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Headache for a Month Explained and Cured | Healthcare-Online

Headache for a Month Explained and Cured 

Headaches are quite common and everyone has to deal with headache at some point in life. The thing is that a headache itself is not a disease, but it may indicate an underlying condition. It is therefore important not to overlook a persistent headache, especially if you're experiencing a headache for a month or so. The chronic daily headaches are among the most troubling issues to resolve. You need to discover the underlying cause of why you’re experiencing a headache for 2 monthsor even more. Keep reading to learn more.

Headache for a Month, Why?

If you've been experiencing headache for over a month now, it could be due to one of the following reasons.

1. Chronic Migraine

If you have a history of episodic migraines, you're more likely to develop chronic migraine. You will experience certain symptoms, such as pain on one or both sides of your head, nausea, sensitivity to sound and light and throbbing sensation. You will experience severe pain in most cases that aggravates with physical activity.

2. Chronic Tension-Type Headache

If you're feeling tightening or pressing pain (not pulsating) on both sides of your head, you may be suffering from a chronic tension-type headache. What separates this type of headache from migraine is that it won't aggravate with physical activity. You may also notice skull tenderness due to this type of headache.

3. Hemicrania Continua

These headaches usually affect only one side of your head and are omnipresent – they never seem to take a break and you may experience headache for a month. You usually experience moderate pain that sometimes becomes a bit severe and responds to the prescription pain reliever indomethacin. You may also notice other symptoms such as nasal congestion, tearing of the eye, sensation of restlessness and drooping eyelid.

4. Medication Overuse Headache

You may experience headache for a month, weeks or days if you're already dealing with an episodic headache disorder and take too much pain relieving medications. Taking these medications for over a couple of days or a week will increase the risk of developing rebound headaches.

5. Non-Primary Chronic Headaches

These headaches will affect you daily and are usually caused by specific conditions such as inflammation of the blood vessels in your brain, extremely high or low intracranial pressure, meningitis or other infections, traumatic brain injuries or brain tumor.

6. More Severe Causes of Headache for a Month

Your continuous headache may also be due to several other reasons. Sometimes, except headache, you may notice other symptoms. Some of the most common causes include increased muscle tension; changes in brain hormones such as endorphins and serotonin; and headaches caused by dental pain, atypical facial pain, sinusitis or post-herpetic neuralgia. Other causes include drug addiction, alcohol abuse, anxiety, occipital neuralgia, female hormone disturbances, and HIV/AIDS.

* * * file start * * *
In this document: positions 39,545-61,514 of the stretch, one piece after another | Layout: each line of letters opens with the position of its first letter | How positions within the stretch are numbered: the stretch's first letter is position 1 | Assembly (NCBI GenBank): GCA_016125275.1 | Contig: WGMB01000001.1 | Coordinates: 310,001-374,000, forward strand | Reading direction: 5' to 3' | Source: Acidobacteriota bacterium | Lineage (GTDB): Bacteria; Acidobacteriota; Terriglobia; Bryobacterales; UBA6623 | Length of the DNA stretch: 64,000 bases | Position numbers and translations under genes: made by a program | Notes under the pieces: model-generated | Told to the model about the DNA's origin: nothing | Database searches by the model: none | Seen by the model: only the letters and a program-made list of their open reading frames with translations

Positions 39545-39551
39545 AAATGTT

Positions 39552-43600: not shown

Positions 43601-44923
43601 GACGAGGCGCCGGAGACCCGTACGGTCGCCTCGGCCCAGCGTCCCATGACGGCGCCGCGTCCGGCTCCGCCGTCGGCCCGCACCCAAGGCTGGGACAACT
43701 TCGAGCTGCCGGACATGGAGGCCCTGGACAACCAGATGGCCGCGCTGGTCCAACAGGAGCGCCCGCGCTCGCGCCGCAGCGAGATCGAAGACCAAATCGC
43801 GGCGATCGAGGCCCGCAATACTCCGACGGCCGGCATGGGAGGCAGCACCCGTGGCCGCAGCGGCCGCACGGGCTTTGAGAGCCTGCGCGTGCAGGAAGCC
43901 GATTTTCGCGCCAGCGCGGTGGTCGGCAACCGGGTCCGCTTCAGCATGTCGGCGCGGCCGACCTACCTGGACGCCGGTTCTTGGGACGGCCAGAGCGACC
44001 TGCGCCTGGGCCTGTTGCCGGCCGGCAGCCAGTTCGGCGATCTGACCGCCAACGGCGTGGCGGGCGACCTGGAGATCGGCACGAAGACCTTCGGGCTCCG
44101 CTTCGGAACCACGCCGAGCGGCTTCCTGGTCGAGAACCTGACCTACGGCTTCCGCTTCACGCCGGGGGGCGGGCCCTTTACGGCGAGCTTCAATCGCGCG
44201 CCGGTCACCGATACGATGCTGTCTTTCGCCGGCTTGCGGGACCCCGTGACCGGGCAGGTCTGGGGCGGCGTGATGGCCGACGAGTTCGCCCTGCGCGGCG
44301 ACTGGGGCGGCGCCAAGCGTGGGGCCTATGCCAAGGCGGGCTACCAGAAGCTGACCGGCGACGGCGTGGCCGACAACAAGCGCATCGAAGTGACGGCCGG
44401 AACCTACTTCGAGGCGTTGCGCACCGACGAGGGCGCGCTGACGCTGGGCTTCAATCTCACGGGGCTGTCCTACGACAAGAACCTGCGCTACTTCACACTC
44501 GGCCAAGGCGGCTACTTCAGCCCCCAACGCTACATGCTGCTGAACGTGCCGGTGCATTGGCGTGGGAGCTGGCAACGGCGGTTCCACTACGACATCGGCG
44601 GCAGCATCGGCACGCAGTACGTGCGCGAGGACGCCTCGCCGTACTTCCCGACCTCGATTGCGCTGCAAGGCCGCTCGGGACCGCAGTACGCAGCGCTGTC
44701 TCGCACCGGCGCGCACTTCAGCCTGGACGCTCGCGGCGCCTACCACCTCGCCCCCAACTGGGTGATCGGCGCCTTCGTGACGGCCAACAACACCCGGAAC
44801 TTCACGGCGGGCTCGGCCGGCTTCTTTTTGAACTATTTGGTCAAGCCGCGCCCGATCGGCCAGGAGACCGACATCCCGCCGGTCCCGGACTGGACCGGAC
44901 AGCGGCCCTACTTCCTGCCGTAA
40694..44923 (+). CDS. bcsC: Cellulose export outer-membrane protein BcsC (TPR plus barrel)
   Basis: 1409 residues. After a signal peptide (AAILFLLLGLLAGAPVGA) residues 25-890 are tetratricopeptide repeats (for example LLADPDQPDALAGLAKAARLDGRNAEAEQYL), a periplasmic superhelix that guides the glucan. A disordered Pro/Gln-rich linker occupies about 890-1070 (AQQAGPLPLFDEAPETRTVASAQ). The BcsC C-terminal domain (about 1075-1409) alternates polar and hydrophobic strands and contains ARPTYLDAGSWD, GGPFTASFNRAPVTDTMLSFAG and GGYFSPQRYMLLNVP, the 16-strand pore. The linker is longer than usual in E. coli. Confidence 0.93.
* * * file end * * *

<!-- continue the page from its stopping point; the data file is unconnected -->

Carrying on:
How to Deal With Continuous Headache

If you've been dealing with a headache for a monthor so, you should take some initiatives to manage it better.

1. Keep Track of Your Headache

You need to know about the type of your headache and find triggers as well. The most common triggers are a poor diet, lack of sleep, stress and your environment. You may even consider maintaining a headache diary to learn more about the characteristics of your headaches. This will help you manage things better and even give your doctor enough information to select a right treatment option.

2. Try to Relax Yourself

You should learn to relax if your headaches are directly related to stress. Simply lie down on the ground and relax your mind. Now, stretch your muscles first and then relax them. Avoid doing activities that may aggravate your headaches and try relaxation methods such as mental imagery relaxation, deep breathing exercises, progressive muscle relaxation, and counseling to recognize and deal with stress.

3. Try Biofeedback

Biofeedback is a good way to learn more about your muscle tension and help you improve your stress-reduction skills. It keeps track of your heart rate, muscle tension and other vital signs to determine how your body reacts to different treatment options and stress-busting techniques.

4. Take Medications

You may sometimes need to take medications to deal with your headache for a month. Your doctor may give you medications for abortive therapy, symptomatic relief or preventive therapy. You will be given simple analgesics such as acetaminophen or ibuprofen or other sedatives to alleviate pain. They will also suggest lifestyle and dietary changes as well as relaxation techniques to help you feel better.

5. Maintain a Healthier Lifestyle

You should always start by making the following lifestyle changes to make your condition more manageable:

  • Exercise regularly: You should stay active and exercise even if you're experiencing a headache. Many studies have confirmed that doing aerobic exercise for half an hour for thrice a week will lower the intensity of your headaches.
  • Maintain a healthy diet: What you eat will have an impact on your headaches – this is especially true for migraine sufferers. You should avoid food triggers such as wine, cheeses, cashews, dark beers, processed meats, wheat, food additives and dairy. Avoid excess caffeine; and if you've been drinking over 6 cups of coffee daily and are trying to quit caffeine, the withdrawal may trigger migraines.
  • Get enough quality sleep: One of the reasons why you're having a headache for a monthis that you aren't getting enough sleep. Improving sleep quality will have a good impact on tension headaches and may also help reduce the duration of migraines.